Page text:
You might like the board game Bananagrams. It's a word game in which lettered tiles are used to spell words. It's been compared to Scrabble but Bananagrams does not require a pencil, paper or board. The object of the game is to arrange your tiles faster than your opponents and be the first to cause the pool of unused tiles to be exhausted. You could easily tweak the game to suit a 4 and half year old or help him to play along with the rest of the family. It can be purchased through www.amazon.com .



-Erica

(Edited to correct spelling error.)

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Postby MelissaM » Mon Jun 08, 2009 3:41 am

My dd initially learned how to recognise numbers and count through playing bingo :D
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Postby MSDST8 » Fri Jun 12, 2009 11:42 am

Update. I went to the nearby teacher learning resource center and pick up 3 board games. The first we tried comes with foam letters and cards. The cards have a picture on them and is missing a sound (front, end, blends, etc). After I explained how it went, he did initial consonants and got 100% right. Then we did ending constanants and he got 90% correct. He would say the word, isolate the missing sound and then find the corresponding alphabet.

The next game was sort of the same. It was on a gameboard and you had to find the consonant that matched the one you had. Consonants were in a pile and you had to remember where they were (think of the game concentration). He won that game 3 times (first person around the board).

Third game is actually an activity box with multiple games in it. The game we have played so far requires you to grab objects out of a box. You have a card with 4 words on it and you have to find a rhyming word. (Ex: you grab a fox and you have to read your card. if you have a box present, you notify all players and then get a dot for your card. Once you have all the dots, you win). He did great.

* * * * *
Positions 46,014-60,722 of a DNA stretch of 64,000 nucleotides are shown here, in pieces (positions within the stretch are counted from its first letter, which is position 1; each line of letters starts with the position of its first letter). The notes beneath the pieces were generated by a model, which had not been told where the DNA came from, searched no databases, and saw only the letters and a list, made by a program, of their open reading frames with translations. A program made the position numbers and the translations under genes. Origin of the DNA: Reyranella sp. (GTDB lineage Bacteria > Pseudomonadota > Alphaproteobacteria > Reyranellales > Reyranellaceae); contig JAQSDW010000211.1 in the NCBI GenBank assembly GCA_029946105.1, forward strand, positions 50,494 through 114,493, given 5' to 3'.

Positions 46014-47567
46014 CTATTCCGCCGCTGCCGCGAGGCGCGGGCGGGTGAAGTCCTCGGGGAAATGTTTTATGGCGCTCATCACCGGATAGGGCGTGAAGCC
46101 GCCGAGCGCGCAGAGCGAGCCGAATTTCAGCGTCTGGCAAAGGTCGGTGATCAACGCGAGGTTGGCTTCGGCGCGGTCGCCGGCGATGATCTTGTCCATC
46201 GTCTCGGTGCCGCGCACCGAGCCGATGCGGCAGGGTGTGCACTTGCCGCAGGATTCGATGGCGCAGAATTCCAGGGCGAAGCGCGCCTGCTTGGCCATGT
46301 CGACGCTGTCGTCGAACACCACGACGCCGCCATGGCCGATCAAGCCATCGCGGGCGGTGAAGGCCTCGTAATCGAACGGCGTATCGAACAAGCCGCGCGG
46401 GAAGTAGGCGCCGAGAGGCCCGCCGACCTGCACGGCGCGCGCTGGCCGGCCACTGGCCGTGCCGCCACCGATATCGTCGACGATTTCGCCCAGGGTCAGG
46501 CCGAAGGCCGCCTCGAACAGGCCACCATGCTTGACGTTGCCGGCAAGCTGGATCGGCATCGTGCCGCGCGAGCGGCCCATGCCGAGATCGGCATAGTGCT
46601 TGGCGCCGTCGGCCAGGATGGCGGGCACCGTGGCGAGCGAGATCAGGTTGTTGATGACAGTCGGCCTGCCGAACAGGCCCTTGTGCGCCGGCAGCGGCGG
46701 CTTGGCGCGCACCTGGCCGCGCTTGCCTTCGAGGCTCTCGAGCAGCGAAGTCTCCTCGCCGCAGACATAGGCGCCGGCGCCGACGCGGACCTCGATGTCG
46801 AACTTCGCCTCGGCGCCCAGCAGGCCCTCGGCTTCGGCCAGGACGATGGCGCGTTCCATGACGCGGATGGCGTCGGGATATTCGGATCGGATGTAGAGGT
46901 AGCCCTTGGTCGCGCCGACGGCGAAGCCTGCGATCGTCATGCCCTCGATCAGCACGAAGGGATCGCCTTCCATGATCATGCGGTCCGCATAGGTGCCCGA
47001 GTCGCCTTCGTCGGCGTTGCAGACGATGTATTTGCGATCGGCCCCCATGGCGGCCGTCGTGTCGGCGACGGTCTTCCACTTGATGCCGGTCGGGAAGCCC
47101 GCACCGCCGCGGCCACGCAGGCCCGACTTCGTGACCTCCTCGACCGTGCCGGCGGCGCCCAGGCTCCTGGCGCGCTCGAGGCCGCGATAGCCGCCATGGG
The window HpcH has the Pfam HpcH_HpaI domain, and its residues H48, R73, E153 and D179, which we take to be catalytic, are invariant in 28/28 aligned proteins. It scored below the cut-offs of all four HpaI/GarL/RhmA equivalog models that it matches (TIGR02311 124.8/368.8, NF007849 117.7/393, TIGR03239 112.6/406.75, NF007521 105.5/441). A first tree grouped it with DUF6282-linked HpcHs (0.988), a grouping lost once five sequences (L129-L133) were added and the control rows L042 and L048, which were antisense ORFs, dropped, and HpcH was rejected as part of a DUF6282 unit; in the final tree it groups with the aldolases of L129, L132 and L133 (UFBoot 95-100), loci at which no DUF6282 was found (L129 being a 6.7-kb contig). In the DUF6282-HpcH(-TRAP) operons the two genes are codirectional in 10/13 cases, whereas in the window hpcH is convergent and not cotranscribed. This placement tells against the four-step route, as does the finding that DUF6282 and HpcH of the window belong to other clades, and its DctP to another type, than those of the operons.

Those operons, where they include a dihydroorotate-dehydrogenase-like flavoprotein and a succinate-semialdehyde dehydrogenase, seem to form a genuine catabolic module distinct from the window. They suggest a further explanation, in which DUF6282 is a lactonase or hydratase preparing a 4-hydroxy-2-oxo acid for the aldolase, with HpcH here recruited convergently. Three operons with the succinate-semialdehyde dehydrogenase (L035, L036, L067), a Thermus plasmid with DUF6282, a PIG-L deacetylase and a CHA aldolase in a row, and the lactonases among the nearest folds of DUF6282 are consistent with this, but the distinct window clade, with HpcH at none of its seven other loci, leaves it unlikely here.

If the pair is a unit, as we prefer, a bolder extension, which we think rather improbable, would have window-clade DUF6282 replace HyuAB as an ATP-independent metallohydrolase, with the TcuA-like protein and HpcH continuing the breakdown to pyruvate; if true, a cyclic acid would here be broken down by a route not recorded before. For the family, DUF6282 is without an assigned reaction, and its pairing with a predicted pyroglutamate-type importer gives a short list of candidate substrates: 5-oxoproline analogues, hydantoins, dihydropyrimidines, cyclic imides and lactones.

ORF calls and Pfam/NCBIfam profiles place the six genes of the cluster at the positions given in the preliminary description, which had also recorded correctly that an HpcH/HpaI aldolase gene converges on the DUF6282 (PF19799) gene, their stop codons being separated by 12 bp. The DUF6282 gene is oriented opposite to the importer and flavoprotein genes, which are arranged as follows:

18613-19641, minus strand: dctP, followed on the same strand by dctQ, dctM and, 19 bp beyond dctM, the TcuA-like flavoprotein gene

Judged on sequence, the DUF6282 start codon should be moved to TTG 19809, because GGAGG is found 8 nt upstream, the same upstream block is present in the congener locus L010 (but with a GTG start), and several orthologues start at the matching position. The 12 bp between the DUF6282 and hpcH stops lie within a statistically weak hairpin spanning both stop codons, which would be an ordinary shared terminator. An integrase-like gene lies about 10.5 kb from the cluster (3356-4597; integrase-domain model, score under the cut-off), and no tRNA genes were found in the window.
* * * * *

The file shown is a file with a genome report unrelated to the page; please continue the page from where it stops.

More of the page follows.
I'm feeling really good... One think I noticed, he will not do well with sight words. He would rather memorize than sound things out. So I will focus on phonics...

Of course he wants to read. He told me he wants to do that more than anything else in the world.. :D

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Online Games

Postby macro_grp02 » Wed Aug 12, 2009 7:47 pm

How about on the net. There are a lot of online games that are free and should be very appropriate for a 4.5. You could also do a lot of games and trips outdoors. You can get the conversation flowing in a park or in a zoo.

Jill
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Postby Jill » Thu Nov 12, 2009 6:49 am

I found some free online games. Check the links under younger students here:

http://www.homeschool-by-design.com/fre ... games.html

for some reading/phonics games.
Jill

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Postby rhi » Thu Nov 19, 2009 3:28 pm

It sounds like from your update you've progressed and found some interesting ways for him to learn. I have to admit I'm a strong proponent for phonics over memorization. When my oldest dd was in school they did everything by memorization instead of phonics, my youngest dd went to school and they did everything by phonics in those two kids there are big differences in their learning and how they get anything relating to language arts just because of the two different learning styles.
~rhi~

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Postby MelissaM » Sun Nov 29, 2009 5:12 am

Congratulations on utilising your son's interests to continue making learning as fun as possible. All the examples given are awesome. Well done everyone!